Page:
Morehouse President: It’s Too Soon For Georgia To Open Up, ‘We Will Not Take That Risk’
Morehouse President David A. Thomas said he is not going to risk his students’ lives despite Georgia Governor Brian Kemp’s official orders to begin reopening the state. Thomas made his position known in an op-ed published Friday on CNN.
“What’s clear to me is that Morehouse would endanger its students, faculty and staff by resuming in-person instruction while the pandemic still poses a serious threat. We will not take that risk. Our decision is one that prioritizes the health and welfare of our campus community — and not one that will not be influenced by politics,” Thomas wrote.
Thomas also questioned whether reopening the economy was worth the risk to human lives.
“On Friday, despite rising cases of coronavirus in Georgia, a segment of the business community will reopen. Under the governor’s authority, businesses like hair salons and tanning facilities, along with the trade schools that educate these service workers, will be among those allowed to welcome back customers,” Thomas wrote. “For business owners, the pressure is on to restore hope and profitability, but at what human cost? Covid-19 is still a highly infectious disease with no known cure.”
Instead of prematurely reopening, Thomas said the top HBCU for Black men will continue its work to expand its online distance learning options.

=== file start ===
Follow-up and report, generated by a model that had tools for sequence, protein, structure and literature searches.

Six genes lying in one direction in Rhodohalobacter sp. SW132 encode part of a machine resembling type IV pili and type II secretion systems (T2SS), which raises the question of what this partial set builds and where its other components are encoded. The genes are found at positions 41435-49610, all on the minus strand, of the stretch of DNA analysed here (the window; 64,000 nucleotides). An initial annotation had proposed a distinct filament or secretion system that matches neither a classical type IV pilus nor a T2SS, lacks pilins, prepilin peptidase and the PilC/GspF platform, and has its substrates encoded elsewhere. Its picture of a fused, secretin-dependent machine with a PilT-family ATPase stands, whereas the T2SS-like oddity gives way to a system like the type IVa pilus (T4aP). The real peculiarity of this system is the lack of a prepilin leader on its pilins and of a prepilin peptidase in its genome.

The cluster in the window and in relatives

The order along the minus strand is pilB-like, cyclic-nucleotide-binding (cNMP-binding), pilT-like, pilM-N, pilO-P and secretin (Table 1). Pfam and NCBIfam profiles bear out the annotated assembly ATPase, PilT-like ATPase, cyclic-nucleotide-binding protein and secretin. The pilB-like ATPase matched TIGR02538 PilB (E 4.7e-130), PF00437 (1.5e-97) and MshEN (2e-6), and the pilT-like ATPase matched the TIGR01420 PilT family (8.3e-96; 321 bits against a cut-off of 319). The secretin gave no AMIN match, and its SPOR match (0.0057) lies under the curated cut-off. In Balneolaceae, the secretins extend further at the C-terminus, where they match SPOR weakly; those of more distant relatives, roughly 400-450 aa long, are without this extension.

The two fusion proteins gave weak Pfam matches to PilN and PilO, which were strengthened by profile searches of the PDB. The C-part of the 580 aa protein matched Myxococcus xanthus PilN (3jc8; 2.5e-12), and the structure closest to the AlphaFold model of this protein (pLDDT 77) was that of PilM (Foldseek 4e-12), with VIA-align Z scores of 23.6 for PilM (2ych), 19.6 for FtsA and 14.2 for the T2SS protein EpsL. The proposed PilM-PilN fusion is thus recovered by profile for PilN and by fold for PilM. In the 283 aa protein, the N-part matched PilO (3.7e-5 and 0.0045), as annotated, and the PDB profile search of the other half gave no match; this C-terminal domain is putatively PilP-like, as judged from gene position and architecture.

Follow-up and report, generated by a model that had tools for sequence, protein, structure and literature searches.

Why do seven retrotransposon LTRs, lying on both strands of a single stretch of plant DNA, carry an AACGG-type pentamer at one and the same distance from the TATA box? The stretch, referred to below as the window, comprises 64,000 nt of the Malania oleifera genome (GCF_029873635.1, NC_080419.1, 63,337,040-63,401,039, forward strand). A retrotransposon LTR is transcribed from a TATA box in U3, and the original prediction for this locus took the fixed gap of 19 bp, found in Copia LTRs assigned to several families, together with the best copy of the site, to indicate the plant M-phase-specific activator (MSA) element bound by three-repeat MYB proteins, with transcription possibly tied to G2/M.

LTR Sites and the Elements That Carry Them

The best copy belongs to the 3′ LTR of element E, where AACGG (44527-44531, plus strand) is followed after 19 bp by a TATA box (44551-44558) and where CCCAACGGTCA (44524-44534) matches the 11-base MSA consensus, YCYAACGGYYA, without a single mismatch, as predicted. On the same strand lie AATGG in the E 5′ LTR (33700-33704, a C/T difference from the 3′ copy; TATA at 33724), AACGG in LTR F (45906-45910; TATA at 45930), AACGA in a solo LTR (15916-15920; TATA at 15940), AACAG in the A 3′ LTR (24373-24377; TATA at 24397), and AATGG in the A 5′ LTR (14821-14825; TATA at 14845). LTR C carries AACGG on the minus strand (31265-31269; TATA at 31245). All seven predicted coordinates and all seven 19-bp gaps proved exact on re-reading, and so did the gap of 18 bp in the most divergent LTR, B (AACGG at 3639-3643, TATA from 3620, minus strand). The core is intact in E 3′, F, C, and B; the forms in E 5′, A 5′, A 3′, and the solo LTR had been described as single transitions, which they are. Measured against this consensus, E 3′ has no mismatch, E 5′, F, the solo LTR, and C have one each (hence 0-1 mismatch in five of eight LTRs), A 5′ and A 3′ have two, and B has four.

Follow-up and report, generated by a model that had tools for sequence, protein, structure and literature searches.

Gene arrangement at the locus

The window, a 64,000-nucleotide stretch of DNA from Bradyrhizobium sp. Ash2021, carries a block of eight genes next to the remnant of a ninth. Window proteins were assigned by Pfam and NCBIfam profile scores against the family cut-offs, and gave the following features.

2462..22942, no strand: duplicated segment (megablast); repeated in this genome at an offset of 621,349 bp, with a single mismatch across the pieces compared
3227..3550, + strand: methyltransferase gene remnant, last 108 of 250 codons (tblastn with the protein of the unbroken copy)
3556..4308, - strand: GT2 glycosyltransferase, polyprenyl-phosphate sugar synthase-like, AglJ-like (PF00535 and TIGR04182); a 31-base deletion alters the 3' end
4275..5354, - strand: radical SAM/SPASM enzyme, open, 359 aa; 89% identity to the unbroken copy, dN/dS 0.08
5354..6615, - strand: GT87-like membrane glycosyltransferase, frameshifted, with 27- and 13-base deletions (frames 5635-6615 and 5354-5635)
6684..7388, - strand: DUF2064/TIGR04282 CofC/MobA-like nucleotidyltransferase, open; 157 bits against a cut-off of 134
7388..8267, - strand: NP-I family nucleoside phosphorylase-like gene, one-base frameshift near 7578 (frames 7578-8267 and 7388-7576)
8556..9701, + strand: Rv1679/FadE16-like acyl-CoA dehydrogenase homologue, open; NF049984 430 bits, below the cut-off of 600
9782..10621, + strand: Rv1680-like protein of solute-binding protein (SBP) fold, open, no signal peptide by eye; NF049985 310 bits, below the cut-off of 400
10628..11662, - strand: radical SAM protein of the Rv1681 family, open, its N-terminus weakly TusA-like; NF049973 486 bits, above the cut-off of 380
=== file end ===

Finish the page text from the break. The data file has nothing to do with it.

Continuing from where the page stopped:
“Morehouse was already exploring strategies to help us grow revenue online before the pandemic hit. We developed virtual academic courses for students and discussed the once-taboo idea of offering former students the opportunity to re-engage and complete their degrees online at their own pace. We are now developing a menu of professional development courses and online programs that will be open to the public regardless of gender or matriculation,” he continued.
In the op-ed Thomas also revealed he is taking a 25 percent pay cut to support Morehouse’s ability to survive the pandemic; adding the spirit of community and brotherhood which has long defined the school is still present, just in different ways.
“I believe that Morehouse will brave these uncertain times and thrive for another 153 years — and more. We are driven by our mission, which is to develop men with disciplined minds who will lead lives of leadership and service,’ Thomas wrote. “A Morehouse education has produced a steady pipeline of predominantly black men who learn under the expectation of excellence — an expectation that they will not only graduate and get competitive jobs, but also create jobs, and lead companies, communities, and nations.”